In 1916 an unknown man robbed a ticket counter at the train station of Lima, Ohio. According to a local newspaper he left behind an encrypted message, the purpose of which is unknown. The message has never been deciphered.
On June 27, 1916 a man robbed the ticket counter of the Western Ohio Railway in Lima, Ohio. The robber forced a ticket agent at gunpoint to hand him the content of the safe. He escaped with a loot of 265 Dollars.
A cryptogram and a wrong solution
A few weeks later, the magazine Enigma, published by the National Puzzlers’ League, wrote:
The police department of Lima, O., is greatly puzzled over a cryptic message received in connection with the robbery of a Western Ohio ticket agent. Here it is: WAS NVKVAFT BY AAKAT TXPXSCK UPBK TXPHN OHAY YBTX CPT MXHG WAE SXFP ZAVFZ ACK THERE FIRST TXLK WEEK WAYX ZA WITH THX.
This interesting story was discovered by Dave Oranchak (known as one of the crypto experts featured in the recent TV documentary about the Zodiac Killer) and popularized by Nick Pelling on his Ciphermysteries blog.
Nick found two articles about this cryptogram in old issues of the Lima Times Democrat. The version of the ciphertext printed there is slightly different from the one published by the National Puzzlers’ League. As the Enigma author probably copied from the newspaper, we should take the Lima Times Democrat version as the one to work with. Here it is:
Was nvlvaft by aakat txpxsck upbk txphn ohay ybtx cpt mxhg wae sxfp zavfz ack there first txlk week wayx za with thx
The Lima Times Democrat even published a solution of the cryptogram:
However, it is immediately clear that this solution is wrong. It is extremely unlikely that a monoalphabetic substitution cipher (MASC) produces half a dozen meaningful words (THERE, FIRST, WEEK, ….) within one or two encrypted sentences. Even if one applies the table only to the cryptic-looking words, no readable cleartext appears.
A bandit’s telegram?
It is not known to me what exactly the relationship between the cryptogram and the robbery is. The most likely explanation is that this message is a telegram. Telegraphy was quite popular in 1916, and encrypting a telegram was nothing unusual. Usually, a codebook was used for this purpose. In fact, the train station robbery cryptogram looks exactly like a codebook-encrypted message. The sender left a few less important words (WAS, BY, FIRST, THX, …) in the clear, while he looked up the others in a codebook.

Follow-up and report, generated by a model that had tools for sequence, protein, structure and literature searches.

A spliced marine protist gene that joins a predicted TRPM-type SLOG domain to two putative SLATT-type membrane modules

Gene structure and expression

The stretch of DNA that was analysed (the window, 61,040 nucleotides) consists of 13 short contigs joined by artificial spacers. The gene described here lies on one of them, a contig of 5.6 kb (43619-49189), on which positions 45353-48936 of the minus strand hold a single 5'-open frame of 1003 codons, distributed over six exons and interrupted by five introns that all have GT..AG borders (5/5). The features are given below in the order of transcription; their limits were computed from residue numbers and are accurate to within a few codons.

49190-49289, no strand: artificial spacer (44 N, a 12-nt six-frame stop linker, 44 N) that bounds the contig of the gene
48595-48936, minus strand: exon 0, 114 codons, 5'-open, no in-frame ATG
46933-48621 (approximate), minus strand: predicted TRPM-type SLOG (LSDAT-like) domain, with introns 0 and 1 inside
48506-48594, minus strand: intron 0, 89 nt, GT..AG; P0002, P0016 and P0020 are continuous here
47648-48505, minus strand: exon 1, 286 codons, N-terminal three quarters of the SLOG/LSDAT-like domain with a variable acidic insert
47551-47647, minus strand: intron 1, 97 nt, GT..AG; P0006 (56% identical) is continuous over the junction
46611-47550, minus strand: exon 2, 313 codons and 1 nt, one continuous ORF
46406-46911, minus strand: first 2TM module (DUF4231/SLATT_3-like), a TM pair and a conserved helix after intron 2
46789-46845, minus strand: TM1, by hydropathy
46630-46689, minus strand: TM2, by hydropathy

If the train station robbery cryptogram really is a telegram it seems possible that the robber sent it immediately before or after the act. Perhaps, the telegraphy clerk informed the police after having realized that he had dealt with a criminal.
Here’s an example of a codebook page (alas, it’s not the one that was used for the train station robbery cryptogram):
Codebooks were not only used for encryption but also for shortening messages (as you see on the example page above, a codeword like EGEUZ may stand for a longer expression, like “not concerned in failure-s (of)”). For this reason, many codebooks were public and underwent no major changes for many years. If somebody wanted to use a public codebook for encryption, he often applied an additional cipher, for instance by adding the current date to every codeword used or with a similar technique.
If the train station robbery cryptogram is actually codebook-encrypted I’m afraid, it can only be solved if somebody finds the codebook that was used.
Of course, it is not absolutely granted that the train station robbery cryptogram was encrypted with a codebook. Other encryption techniques used in the time of the First World War are possible, too. In any case, solving this crypto mystery might shed some additional light on a crime, which happened over a century ago.
Further reading: The Top 50 unsolved encrypted messages: 49. The Chinese goldbar cryptogram